Considering the limits of sex-positive feminism

Sex-positive feminism has contributed a lot to the feminist dialogue over the past ten or so years. Addressing issues such as sexual assault and anti-woman sex norms are essential to any good feminist realm and to society as a whole. There is no question whatsoever that consent is inseparable from sexuality rights as a whole. However, a lot of sex-positive feminism comes with its own toxic implications and views.

Sex-positive feminism is a specific type of third-wave feminism that places heavy emphasis on sex. This may include sex life, sex norms or otherwise sexual and reproductive rights. Some of the most basic principles of sex-positive feminism are consent-based sex, prevention of sexual assault, sex education featuring accurate information and a positive relationship with one’s body and sexuality, all of which are pretty much universally good things.

The fifth principle I failed to mention is viewing sex as a universally positive and wanted experience. Although this serves a breath of fresh air for many people who grew up in sexually repressive or negative environments, this blanket view of sexual activity becomes very problematic very quickly. This ultimatum is simply not true.

There are a variety of reasons why someone would not want to have sexual intercourse, even when given complete sexual autonomy. People may remain abstinent for religious reasons, due to personal preference, for practical or logistical reasons, or may simply lack sexual desire in the first place. A variety of sexual expressions can be healthy, and it is not productive to normalize some experiences over others.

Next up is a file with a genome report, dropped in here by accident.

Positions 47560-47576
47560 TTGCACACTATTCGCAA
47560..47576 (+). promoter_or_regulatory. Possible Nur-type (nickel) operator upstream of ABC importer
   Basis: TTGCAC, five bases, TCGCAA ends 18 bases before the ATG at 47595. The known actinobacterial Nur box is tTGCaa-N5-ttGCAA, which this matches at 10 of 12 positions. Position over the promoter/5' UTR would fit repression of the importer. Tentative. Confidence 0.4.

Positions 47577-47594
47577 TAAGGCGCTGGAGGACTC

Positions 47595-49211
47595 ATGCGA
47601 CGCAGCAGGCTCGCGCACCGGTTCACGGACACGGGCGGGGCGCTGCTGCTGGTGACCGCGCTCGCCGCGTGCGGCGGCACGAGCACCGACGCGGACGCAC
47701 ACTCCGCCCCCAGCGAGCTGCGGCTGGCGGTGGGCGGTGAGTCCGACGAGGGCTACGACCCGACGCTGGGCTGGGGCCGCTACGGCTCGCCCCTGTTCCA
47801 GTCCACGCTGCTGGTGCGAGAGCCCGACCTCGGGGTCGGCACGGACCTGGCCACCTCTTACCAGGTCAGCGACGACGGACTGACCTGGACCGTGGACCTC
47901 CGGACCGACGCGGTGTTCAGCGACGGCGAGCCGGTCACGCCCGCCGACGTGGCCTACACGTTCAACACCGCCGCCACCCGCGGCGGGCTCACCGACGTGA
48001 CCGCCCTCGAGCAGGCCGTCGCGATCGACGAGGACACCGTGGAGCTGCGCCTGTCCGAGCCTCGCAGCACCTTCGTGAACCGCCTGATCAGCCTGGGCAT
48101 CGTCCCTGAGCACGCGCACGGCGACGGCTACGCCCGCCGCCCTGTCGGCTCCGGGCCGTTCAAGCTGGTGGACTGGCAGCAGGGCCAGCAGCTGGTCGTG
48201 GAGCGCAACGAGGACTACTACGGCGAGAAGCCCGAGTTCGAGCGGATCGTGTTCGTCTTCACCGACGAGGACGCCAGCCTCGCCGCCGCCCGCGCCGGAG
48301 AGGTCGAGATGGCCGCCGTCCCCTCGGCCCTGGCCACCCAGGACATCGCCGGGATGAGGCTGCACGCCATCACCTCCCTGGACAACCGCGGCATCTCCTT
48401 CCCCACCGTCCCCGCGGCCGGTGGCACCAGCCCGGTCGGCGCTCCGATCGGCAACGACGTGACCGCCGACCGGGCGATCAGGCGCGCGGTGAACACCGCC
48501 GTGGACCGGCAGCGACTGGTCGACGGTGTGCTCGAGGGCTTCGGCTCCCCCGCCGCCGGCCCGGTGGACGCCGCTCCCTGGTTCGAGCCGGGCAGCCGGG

Claiming that sex is always a desirable thing erases the experience of people who either are not interested in sex or not able to participate in sex. Although many sex-positive feminists briefly address that some people may not ever want to have sex while discussing consent, the reasons why someone might not want sex at all are more or less glossed over. No one really addresses any situations in which someone may not want sex. Although talking about consent definitely helps lessen the blow, the lack of attention given to this issue can make asexual or sexually inactive people uncomfortable when speaking about the subject.

Although it is not a requirement to want sex in order to be a sex-positive feminist, many still turn sexuality into a Hobson’s choice. You can do whatever you want with your sex life, as long as you choose to have as much sex as often as possible. On the surface, sex-positive feminists seem to be concerned about choice, but many choices are still left out of the equation.

Furthermore, some people are still repulsed by sex. It is neither reasonable nor fair to hold people accountable for their own reactions. Many asexuals experience dysphoria when they see sexual stimuli, and many more people are simply made uncomfortable by sex in certain situations. Although it is important that highly sexual people are able to express their desires in a healthy way, people who dislike sex also need their wishes respected.

A healthy suggested alternative to sex-positive feminism is sex neutrality. Although the same principles of education and consent remain intact, sex neutrality views sex as neither a negative or positive thing overall. It is much more effective at respecting all choices and body types concerning sex, since no stigma exists around not desiring sex.

In a sex-neutral world, every sexuality choice would be equally respected, including the choice not to have sex. Sex education would focus around accuracy and consent, but without assumptions about the sex lives of the students. Sexual liberation does not by nature entail making those around you uncomfortable. Conversations around sexuality would focus on accommodating as many options as possible rather than having as much sex as possible.

Although none of the flaws I mentioned are inherent to sex-positive feminism, the view of sex as an innate, wanted and positive thing does nothing to question these problematic views. I have met more than one sex-positive feminist who either directly or indirectly ostracizes sexual inactivity and asexuality. Treating your body and desires with respect should go hand in hand with respecting all choices you can make with your body, and anything else would go against the principles of consent and autonomy which we have all been working so hard for.

 

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